He sees his worldwide travels, like his brief visit to the U.S., as important in helping to promote Britain and its exports and to attract foreign investment. He has said that "a bit of the hot air may have gone out of some of the more negative forms of Welsh nationalism" when he took an interest in Welsh affairs and language, braving nationalist demonstrations in the bargain, before and after his investiture as Prince of Wales at Caernarvon Castle in 1969.

In an effort to do something about what he sees as one of Britain's most important and potentially explosive problems, he devotes time to black and Asian Britons and organizations promoting racial harmony. He is not prejudiced himself, he has said, because he has traveled so widely "and seen many different peoples in their own environments, many of which I have admired and found fascinating."

This may sound superficial and naive. But Prince Charles has emphasized his belief that his unique upbringing has been matched by a unique opportunity to learn and impart his experience to others. "I don't exactly travel around this country, or other parts of the world, with my eyes tight shut or without listening to what experienced people has to say," he argued in a speech not long ago. "Consequently, I think it is sometimes possible for me to see things from a broader point of view and thus to pinpoint the sort of issues which need to be raised and discussed." Without Royal Regalia

Recently, Prince Charles arrived in New Cross, a largely black neighborhood in South London, without royal regalia. He was not astride a polo pony, at the controls of an aircraft or inside a diving suit descending into the sea. He was not dancing with or receiving a kiss from or being accompanied by any of the beautiful women who were so often part of the picture during his internationally celebrated bachelorhood.Lady Diana, already a glamorous celebrity who draws rapturous crowds, was nowhere in sight.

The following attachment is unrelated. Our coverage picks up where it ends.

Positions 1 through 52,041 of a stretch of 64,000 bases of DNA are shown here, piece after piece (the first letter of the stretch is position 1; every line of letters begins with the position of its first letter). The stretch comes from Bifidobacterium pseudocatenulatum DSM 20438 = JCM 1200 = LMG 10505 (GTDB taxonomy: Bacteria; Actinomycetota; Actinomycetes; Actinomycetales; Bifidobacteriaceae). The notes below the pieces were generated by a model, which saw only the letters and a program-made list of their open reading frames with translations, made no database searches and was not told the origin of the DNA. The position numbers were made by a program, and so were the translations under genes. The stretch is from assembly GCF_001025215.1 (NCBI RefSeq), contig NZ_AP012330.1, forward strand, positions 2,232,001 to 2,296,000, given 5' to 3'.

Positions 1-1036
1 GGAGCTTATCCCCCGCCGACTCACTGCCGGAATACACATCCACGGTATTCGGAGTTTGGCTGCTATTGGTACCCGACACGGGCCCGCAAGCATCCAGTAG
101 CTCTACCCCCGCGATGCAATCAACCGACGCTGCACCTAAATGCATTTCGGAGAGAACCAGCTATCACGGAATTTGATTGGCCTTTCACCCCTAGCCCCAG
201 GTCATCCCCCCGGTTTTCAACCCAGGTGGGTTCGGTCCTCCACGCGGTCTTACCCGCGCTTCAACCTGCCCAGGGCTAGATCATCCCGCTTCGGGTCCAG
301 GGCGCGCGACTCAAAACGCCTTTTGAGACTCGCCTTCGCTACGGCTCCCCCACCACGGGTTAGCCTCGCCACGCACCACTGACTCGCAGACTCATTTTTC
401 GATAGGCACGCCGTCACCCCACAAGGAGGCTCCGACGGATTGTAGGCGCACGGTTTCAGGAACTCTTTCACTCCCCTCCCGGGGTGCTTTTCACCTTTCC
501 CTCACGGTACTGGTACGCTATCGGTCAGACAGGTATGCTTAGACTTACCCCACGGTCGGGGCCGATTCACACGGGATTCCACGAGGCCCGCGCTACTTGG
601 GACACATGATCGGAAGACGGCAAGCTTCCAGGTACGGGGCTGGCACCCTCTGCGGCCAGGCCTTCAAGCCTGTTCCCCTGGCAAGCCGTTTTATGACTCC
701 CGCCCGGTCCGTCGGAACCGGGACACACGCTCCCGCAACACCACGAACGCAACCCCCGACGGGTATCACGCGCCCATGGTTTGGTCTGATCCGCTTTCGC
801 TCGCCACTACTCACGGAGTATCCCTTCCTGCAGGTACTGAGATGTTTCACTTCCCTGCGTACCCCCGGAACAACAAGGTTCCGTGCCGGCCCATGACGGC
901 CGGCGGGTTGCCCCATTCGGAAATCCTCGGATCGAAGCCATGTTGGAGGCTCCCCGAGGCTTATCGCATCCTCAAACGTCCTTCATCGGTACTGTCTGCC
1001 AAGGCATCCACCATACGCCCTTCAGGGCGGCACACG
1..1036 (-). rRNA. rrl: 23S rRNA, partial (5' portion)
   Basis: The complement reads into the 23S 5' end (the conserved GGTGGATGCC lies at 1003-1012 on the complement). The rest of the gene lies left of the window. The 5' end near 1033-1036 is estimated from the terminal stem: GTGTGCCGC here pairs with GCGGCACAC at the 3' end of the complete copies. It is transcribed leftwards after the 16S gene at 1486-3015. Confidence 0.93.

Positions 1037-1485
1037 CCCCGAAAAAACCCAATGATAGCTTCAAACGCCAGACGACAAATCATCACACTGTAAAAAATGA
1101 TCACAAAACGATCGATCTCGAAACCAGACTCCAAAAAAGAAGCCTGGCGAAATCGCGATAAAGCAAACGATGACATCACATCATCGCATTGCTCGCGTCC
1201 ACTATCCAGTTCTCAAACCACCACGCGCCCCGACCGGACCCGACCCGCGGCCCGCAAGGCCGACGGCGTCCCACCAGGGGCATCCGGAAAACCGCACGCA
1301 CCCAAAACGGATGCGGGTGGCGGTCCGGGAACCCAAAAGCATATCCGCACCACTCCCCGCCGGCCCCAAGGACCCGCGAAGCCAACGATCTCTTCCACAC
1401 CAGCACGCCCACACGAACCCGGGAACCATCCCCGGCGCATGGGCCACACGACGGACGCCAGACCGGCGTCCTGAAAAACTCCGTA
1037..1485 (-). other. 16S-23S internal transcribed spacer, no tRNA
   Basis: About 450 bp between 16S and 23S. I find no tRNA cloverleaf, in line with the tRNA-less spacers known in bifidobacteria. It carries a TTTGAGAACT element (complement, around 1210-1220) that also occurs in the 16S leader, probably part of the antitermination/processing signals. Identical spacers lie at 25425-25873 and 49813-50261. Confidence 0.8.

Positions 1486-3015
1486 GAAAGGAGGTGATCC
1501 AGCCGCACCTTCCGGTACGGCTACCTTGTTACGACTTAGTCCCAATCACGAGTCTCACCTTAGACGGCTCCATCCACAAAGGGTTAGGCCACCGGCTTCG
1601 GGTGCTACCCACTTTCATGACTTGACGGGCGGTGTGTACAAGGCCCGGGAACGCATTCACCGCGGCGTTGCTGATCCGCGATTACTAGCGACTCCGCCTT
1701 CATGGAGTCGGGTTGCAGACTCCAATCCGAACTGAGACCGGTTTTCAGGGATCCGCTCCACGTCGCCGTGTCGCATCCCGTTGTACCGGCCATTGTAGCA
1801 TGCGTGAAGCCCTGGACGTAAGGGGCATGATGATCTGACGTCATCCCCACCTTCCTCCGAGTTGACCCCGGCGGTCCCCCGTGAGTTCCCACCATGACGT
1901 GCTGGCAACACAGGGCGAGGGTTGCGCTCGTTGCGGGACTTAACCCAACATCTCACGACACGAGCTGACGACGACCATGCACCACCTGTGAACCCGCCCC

The prince's presence was not even the primary reason for the event, but it did ensure considerable media coverage of the opening of a new community center for the West Indian population of New Cross and a prayer service for 13 black youngsters who had died two months earlier in a house fire a few hundred yards away. That fire eventually put New Cross on the increasingly dotted map of race relations problems in Britain.

Charles had been to New Cross once before, in 1977, to visit what was then the community center in an old mission hall that later was also destroyed by fire. He had tried to cool down a confrontation with the police that his presence had attracted. He could remember, he said, "being very concerned that we should at all costs try to create something new here."

He contributed about $2,200 and the drawing power of his patronage to a building fund for the Pagnell Street Youth Community Center. Presenting the prince was a framed life membership, Trevor Sinclair, a West Indian-born member of the center's management committee, said, "We are extremely pleased at his visit and the interest he shows. He is very helpful."

Replicated hundreds of times a year, this is what the job of being the Prince of Wales is all about. He must stay out of politics, and he can make few command decisions other than designating the causes to which he will lend his name, patronage and person.

"I don't want to be a figurehead," he said a number of years ago upon assuming a full schedule of personal appearances and travel, plus long hours of meetings and paper work for a multitude of charitable and other organizations in which he is involved. "I want to help get things done."